September 21, 2004
September 21, 2004
Jonathan G. Katz
Securities and Exchange Commission
450 Fifth Street N.W.
Washington, DC 20549-0609
Re: File No. S7-25-99 Release No. IA-2278
Dear Mr. Katz:
On behalf of Raymond James Financial, Inc. RJF, or the Company, we are pleased to submit the following comments with respect to Release No. IA-2278.
RJF is a diversified financial services holding company whose subsidiaries engage in securities brokerage, investment banking, asset management and other financial services throughout the United States and internationally. The Companys two domestic broker-dealer subsidiaries, Raymond James Associates, Inc. RJA and Raymond James Financial Services, Inc., RJFS have approximately 5,000 financial advisors in more than 2,100 locations world-wide.
As of August 31, 2004, RJA had approximately 7,500 brokerage accounts that were fee based and RJFS had approximately 20,000 brokerage accounts that were fee based. In addition, RJA had approximately 15,000 fee based investment advisory accounts and RJFS had approximately 72,000 fee based investment advisory accounts. Based on our experience, we believe that fee based brokerage accounts serve the interests of retail customers and support action by the Commission to adopt Rule 202 a 11 - 1.
1. Fee based brokerage accounts serve the interests of retail customers.
As the Commission recognized in its proposing release, fee based brokerage accounts can benefit customers by aligning their interests with those of their broker-dealers Release IA-1845. There are many benefits that an investor receives from this compensation structure:
It facilitates regular contact between the customer and his financial advisor.
It promotes communication that allows for a broad financial planning perspective, rather than product-oriented contact.
It provides a transparent compensation format, allowing the customer to evaluate the value he is receiving each time he receives a statement reflecting the compensation charge.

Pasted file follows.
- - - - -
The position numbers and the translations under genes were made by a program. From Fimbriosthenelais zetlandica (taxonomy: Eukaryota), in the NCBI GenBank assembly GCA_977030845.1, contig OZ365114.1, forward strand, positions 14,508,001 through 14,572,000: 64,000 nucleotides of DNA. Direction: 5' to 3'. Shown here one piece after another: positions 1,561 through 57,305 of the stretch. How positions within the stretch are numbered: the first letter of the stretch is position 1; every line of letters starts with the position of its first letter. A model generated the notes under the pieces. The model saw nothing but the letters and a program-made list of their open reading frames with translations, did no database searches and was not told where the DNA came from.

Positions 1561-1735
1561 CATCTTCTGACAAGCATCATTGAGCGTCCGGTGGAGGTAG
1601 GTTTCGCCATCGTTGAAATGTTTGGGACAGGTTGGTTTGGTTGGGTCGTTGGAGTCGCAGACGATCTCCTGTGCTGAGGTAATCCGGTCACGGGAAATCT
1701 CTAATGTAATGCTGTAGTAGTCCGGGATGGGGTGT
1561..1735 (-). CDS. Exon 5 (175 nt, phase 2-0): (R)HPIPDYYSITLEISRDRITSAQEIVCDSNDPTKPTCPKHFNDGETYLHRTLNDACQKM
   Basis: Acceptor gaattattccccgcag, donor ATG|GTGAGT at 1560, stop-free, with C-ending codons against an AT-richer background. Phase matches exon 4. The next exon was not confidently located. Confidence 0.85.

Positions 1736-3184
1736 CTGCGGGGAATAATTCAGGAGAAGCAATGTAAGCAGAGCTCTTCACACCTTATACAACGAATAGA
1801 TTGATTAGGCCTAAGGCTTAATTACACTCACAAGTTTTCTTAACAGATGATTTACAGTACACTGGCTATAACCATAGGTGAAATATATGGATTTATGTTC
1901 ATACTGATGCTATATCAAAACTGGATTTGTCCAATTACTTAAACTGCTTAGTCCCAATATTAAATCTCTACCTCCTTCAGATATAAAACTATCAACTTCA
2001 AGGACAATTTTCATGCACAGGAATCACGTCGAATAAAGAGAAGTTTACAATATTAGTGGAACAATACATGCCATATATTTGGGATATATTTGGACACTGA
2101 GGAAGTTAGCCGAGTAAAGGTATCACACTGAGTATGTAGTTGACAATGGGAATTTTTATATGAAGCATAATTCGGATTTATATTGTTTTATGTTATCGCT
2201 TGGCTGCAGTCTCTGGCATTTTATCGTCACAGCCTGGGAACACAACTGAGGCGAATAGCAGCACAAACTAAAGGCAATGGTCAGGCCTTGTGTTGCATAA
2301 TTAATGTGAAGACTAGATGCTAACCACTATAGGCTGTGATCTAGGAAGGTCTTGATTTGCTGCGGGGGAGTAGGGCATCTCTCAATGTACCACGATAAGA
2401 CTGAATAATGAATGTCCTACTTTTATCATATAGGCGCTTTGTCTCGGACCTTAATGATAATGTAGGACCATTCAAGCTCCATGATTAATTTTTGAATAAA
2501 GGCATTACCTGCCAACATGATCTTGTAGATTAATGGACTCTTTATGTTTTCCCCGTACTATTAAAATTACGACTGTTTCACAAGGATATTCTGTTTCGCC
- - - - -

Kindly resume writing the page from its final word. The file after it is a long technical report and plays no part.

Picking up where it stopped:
For this reason, fee based compensation arrangements have been recognized as a best practice by the Securities Industry Association.
Because of these benefits, we believe that the regulatory structure should encourage the continued and expanded use of such programs, rather than discourage them. We do not believe that any argument based on public policy or the interests of the investing public can be made for curtailing the use of these programs. However, we recognize the need for appropriate disclosure to investors and would support steps designed to improve the quality of such disclosure.
2. Disclosure to clients should be clear and effective.
In some respects, the fee based compensation structure is more transparent and readily understandable by clients than the transaction based alternative. For example, while transaction confirmations disclose the cost for the purchase and sale of securities, there are few ways the investor can measure that cost against charges made by competing firms to assess whether the transaction cost is reasonable. With a fee based account, the client knows exactly what he/she is being charged for the maintenance of the account, and is able to assess whether he/she is receiving value for the compensation that is being charged.
In order to make certain that customers understand the nature of the compensation structure and their right to consider alternative compensation formats, we would support the following additional requirements in order for a broker/dealer to qualify for the exemption under the proposed rule:
a. The customer must receive notice on a quarterly basis of the amount charged for compensation during that quarter or to be charged for the following quarter, if charges are assessed in advance and the basis on which the charge was computed.
b. At least annually, the customer must receive a notice explaining:
That the fee based compensation structure is one alternative available to the customer.
That fee based compensation may result in the customer paying more than, or less than, he/she might otherwise pay based on a commission alternative.
The customer should consult his financial advisor or other designated persons at the broker-dealer if he/she wishes to discuss whether this form of compensation continues to be suitable for his/her needs.
We believe that improving the disclosure structure for these compensation arrangements in this manner should eliminate any possible question regarding the customers understanding of the compensation structure.
Barry S. Augenbraun
Senior Vice President and
H:SEC Release No. IA-2278